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IT Managers Need a Vacation Too

By | August 4, 2015 in Service Desk

IT Managers Need Vacation

It’s summer time in the Northern hemisphere, and many of us are getting ready for our annual holidays. It’s really great to get away from work for a while, but some people don’t get much relaxation because they are constantly interrupted by emergency calls from work.  There are things you can do to make these calls less likely, and that’s just as important a part of holiday planning as booking the flights and the hotel. If you’re going away tomorrow then it’s probably too late to do these things now, but you could get started as soon as you get back, so that next year’s holiday will be more restful.

Share Some Knowledge

Think about the things that only you can do. What would be needed so that someone else can do them? Could you provide written instructions, or teach somebody else how to do it? If so, then share that knowledge. It will have benefits for you and your organization all year round, not just when you’re on holiday.

Automate Routine Tasks

One great way to reduce the impact of being away for a while is to automate some of the tasks you usually carry out. You should only automate things that are well understood, reasonably frequent, and fairly simple. If you don’t understand the task thoroughly then automation will go horribly wrong. If the task isn’t reasonably frequent, then the effort needed to automate it will be too high compared to the effort it saves. If the task isn’t simple, then it will be really hard to automate, and the automation is likely to miss out on some complex cases. Even if the task is fairly simple you should always see if you can simplify it even more, before you automate it. Many routine tasks have built up complexity over the years, but could be much simpler if we started the design again.

Like sharing knowledge, automation is something that can really pay off in terms of benefits every day of the year, not just during holiday season.

Pay Off Some Technical Debt

Technical debt is the effect of compromises that you made in the past. Like financial debt, it is not always a bad thing, but you should never have too much, or let it be outstanding for too long. Here are some examples of technical debt that need to be managed:

  • A new service was put into production even though it failed some operational tests, and backups don’t quite work properly. This is a perfectly reasonable thing to do, but you shouldn’t just forget about the issues afterwards. Investigate why the tests failed and fix the problem. That way you will avoid a disaster when you need the backups.
  • You upgraded the firmware on all your servers to fix a security vulnerability, but one server couldn’t be shut down that day because it was running a critical task. Don’t just leave that server indefinitely, plan the upgrade for a time when the server is available.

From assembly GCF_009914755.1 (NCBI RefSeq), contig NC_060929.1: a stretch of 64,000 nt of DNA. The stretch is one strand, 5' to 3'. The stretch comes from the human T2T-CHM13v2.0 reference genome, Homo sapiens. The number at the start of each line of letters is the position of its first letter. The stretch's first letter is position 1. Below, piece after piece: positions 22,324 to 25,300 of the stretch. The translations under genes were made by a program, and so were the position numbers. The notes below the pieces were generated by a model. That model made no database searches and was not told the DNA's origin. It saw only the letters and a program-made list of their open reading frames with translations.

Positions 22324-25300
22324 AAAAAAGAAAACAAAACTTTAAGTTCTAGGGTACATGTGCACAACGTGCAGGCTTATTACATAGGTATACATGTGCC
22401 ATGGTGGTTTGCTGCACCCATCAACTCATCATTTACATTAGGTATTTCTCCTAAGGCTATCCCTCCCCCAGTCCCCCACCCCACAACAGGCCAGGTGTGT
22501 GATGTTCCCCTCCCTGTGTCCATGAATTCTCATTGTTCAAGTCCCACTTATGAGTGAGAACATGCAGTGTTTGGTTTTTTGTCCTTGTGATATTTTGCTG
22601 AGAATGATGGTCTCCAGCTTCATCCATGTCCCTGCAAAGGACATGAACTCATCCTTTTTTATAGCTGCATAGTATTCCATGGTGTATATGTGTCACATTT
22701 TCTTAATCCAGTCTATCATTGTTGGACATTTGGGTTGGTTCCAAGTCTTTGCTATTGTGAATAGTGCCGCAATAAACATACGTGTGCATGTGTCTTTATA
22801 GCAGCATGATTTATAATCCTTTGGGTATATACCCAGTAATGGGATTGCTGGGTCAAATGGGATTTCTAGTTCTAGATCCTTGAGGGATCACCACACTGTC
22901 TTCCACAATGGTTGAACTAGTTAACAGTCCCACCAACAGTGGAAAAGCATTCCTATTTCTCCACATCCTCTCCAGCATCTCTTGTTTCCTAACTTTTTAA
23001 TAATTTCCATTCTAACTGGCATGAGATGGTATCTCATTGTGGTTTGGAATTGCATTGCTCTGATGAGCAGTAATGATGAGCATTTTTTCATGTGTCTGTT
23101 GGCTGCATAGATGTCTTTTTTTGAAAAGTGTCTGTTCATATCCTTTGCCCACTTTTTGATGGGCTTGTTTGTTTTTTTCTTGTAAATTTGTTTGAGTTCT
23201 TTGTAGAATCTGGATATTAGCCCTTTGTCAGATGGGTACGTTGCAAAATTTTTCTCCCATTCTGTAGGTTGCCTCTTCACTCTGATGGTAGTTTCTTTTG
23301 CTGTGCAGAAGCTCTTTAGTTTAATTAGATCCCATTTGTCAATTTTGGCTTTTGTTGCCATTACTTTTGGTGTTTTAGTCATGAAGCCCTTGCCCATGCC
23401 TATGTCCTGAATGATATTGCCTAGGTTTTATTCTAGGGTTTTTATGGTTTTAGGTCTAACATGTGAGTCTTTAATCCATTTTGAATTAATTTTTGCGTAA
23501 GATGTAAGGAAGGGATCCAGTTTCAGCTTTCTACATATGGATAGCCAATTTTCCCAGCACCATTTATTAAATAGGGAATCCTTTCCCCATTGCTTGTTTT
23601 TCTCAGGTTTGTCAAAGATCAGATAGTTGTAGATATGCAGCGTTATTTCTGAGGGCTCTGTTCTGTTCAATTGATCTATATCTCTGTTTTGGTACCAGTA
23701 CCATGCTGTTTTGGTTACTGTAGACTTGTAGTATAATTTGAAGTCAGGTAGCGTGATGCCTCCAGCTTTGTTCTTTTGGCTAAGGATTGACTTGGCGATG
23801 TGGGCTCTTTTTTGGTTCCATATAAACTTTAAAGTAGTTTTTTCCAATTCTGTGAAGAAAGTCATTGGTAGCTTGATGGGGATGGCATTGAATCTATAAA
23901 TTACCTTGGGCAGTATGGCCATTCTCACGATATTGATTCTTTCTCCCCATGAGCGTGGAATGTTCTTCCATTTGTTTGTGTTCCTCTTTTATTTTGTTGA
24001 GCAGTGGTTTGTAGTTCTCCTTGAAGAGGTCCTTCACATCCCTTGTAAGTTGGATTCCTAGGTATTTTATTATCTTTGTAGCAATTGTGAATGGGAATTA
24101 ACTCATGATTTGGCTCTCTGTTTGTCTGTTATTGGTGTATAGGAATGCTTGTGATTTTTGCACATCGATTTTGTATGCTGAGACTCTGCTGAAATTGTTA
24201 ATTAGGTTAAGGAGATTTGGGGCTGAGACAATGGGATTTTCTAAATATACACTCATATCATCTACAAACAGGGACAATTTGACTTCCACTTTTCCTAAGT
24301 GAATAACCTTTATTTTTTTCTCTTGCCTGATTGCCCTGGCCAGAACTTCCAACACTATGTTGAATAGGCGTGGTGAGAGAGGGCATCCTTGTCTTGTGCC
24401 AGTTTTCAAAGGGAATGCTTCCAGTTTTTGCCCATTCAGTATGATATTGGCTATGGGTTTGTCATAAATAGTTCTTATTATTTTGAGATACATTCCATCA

• A disk failed in a RAID set. The data is all still available because the RAID set can operate with one disk missing. However, if you don’t get that disk repaired then eventually another disk might fail and then you will lose your data.

Every IT organization has some technical debt, but if you don’t actively manage it then it can get out of control and result in lots of incidents, problems, and urgent phone calls, probably just when you want to lie on the beach soaking up the sunshine.

Adopt Continual Service Improvement

If you have a culture of continual service improvement, then you’re probably already sharing knowledge, automating tasks, and paying off technical debt. If you don’t, then why not think about how you can start?

Continual service improvement doesn’t need to be a big, complex process with lots of documents and activities. It’s mainly about attitudes, culture, and behavior. You can start by simply noting down things that ought to be done, prioritizing them, and picking one or two off the list whenever you can. Over time you will find that things are looking much better, and next time you go on holiday you’ll really be able to relax.

Image credit

Stuart Rance

About Stuart Rance

Stuart is an ITSM and security consultant, working with clients all round the world. He is one of the authors of ITIL 4, as well as an author of ITIL Practitioner, ITIL Service Transition, and Resilia: Cyber Resilience Best Practice. He is also a trainer, teaching standard and custom courses in ITSM and information security management, and an examiner helping to create ITIL and other exams. Now that his children have all left home, he has plenty of time on his hands for contributing to our blog - lucky us!

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